The risk would be likely to attach significance to it

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the risk, would be likely to attach significance to it . Mercer v Commissioner for Road Transport FACTS: The driver of a tram(not a professional) collapsed at the wheel. The tram crashe into another tram injuring the plaintiff who sued. The Tram company argued that they were acting in common practice. (What they didn’t know was there had been advertised a ‘dead man’s handle’, which would have allowed the tram to stop. HELD: Breach. Common practice is not necessarily a legitimate defence. But it is a heavy burden to prove that it is not right.
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PROVING BREECH FROM CIRCUMSTANCES Proof By Inference Section 52: The plaintiff bears the burden of proving any issue to do with causation. - Proof by inference is acceptable proof in an act for negligence. - P needs to prove to the court on the balance of probabilities that the inference they want the court to make is the most probable inference available . Res Ipsa Loquitor RES IPSA LOQUITOR = The thing/event speaks for itself. E.g. A surgical sponge found in someone’s stomach = surgeon negligent. - P doesn’t have direct evidence but the inference is indisputable. - Burden of evidence is on the plaintiff. - Doesn’t guarantee negligence. - P doesn’t have to prove what the carelessness was. - Must be an accident that doesn’t occur without negligence. - Can’t use if the cause of the accident is known. - Maxim can be used when: o The thing is shown to be under the management of the defendant or their Holloway v McFeeters (HC on appeal) FACTS: P’s husband was killed in a hit and run. There was no witness. She sued the driver in negligence. The only evidence was the body and some skid marks. HELD: Majority: P should succeed. From inference there was a probability that the driver was negligent. BOP on the plaintiff. Can use circumstantial evidence. Dixon: dissenting: It was just as possible that he jumped in front of the car. Shellenberg v Tunnel Holdings Pty Ltd Mummery v Irvings Pty Ltd FACTS: P wanted to buy timber from D. He started walking towards the employee in the shed. At the time a tiny piece of wood shot up out of a saw hitting him in the eye. RIL used to prove breach. HELD: No breech. D doesn’t have to prove they weren’t negligent . This doesn’t happen in the ordinary course of things. If the saw wasn’t involved he would’ve succeeded.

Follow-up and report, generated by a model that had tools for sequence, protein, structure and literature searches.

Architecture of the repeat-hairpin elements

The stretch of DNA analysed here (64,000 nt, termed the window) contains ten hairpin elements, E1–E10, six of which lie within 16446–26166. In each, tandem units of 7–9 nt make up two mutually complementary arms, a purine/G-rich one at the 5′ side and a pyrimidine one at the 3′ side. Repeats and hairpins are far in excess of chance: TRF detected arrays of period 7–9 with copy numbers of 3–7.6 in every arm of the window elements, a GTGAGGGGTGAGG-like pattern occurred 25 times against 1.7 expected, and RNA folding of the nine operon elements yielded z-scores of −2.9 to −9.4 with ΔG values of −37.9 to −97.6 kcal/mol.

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- P must prove that D’s act caused the injury on a balance of probabilities. - D’s action need not be the only cause but it must be a material/substantial cause. Section 52: The plaintiff bears the burden of proving any issue to do with causation. CAUSATION IN FACT 1. But For Test Section 51(1)(a): A determination of causation depends on whether the negligence was a necessary condition of the occurrence of the harm = ‘but for test’. - ‘But for’ the defendant’s negligence would the plaintiff suffer the injury?
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